“You’re floating right on top of it!”, he replied.

The Art of Conservation

This will be the first of many blogs about MUSA, as I can’t tell you all about it in one. This place deserves many blogs.

But, it is important to tell you in this first approach to MUSA, that its purpose is to save corals and reefs in the Mexican Caribbean. Every year, millions of tourists from around the world come to Cancun and Isla Mujeres, which is great. What’s not great is that many of them go scuba diving for the first time on top of delicate reef corals that have been around for millions of years.

So, what happens? Because they’re not experienced divers, they can’t control their buoyancy, so they shake their hands and legs like if they were falling from a cliff and hit the reefs by mistake. But, there are some people who intentionally grab corals to take as “souvenirs”. The deterioration of these reefs was so evident, that Roberto, Jaime and Jason had the idea of creating an artificial reef with this Museum to reduce the number of people visiting natural reefs. And it worked.

In 2015, around 250,000 tourists that visited Cancun preferred to visit MUSA instead of visiting natural reefs.

This year, MUSA is celebrating its 11th anniversary, enough time for the sculptures to be decorated by corals. I’ve always found extraordinary the artistic bond in this unique Museum between men and nature. Men brought the “canvas” through these sculptures while marine life brings color and shapes to them. On the next blog, you’ll “scuba dive” with me so you can see how they look like at night.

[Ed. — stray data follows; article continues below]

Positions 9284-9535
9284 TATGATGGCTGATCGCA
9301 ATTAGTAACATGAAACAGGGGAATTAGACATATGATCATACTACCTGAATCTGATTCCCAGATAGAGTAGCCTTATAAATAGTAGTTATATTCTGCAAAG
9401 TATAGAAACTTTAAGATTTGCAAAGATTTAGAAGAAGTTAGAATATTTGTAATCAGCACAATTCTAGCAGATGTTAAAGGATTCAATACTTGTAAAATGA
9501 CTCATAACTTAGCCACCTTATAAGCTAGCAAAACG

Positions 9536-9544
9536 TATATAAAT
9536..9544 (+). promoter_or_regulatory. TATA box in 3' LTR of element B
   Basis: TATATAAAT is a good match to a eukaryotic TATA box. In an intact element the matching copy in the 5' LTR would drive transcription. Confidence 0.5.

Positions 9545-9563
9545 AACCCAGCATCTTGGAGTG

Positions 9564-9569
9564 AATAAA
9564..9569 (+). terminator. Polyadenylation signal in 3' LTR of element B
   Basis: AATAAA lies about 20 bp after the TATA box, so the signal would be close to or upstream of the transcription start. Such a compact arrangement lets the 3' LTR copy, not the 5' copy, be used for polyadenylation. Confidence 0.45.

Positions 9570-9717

What about the documentary?

It took me a week to interview talented, committed and wonderful people. People that, to this day, remain close to my heart. I haven’t finished the documentary, but this blog might be the motivation I needed to get back to it. In the meantime, I would like to share a teaser I put together with my good friend and producer Manuel Hernández Stumpfhauser, who flew to Cancun just to fly his drone around The Silent Evolution and the stunning beaches in Cancun. You’ll also see some footage that I managed to film underwater.

When I got back home after my trip to Cancun, MUSA kept “calling” me in my thoughts. I felt like I was in the wrong town, working as a realtor, selling apartments, that wasn’t me!

I grabbed my phone and called Roberto. “I just quit my job, I can move to Cancun anytime, it’s your call”… “I just got an opening, the salary is “this”, do you take it?”… “I’ll take it”.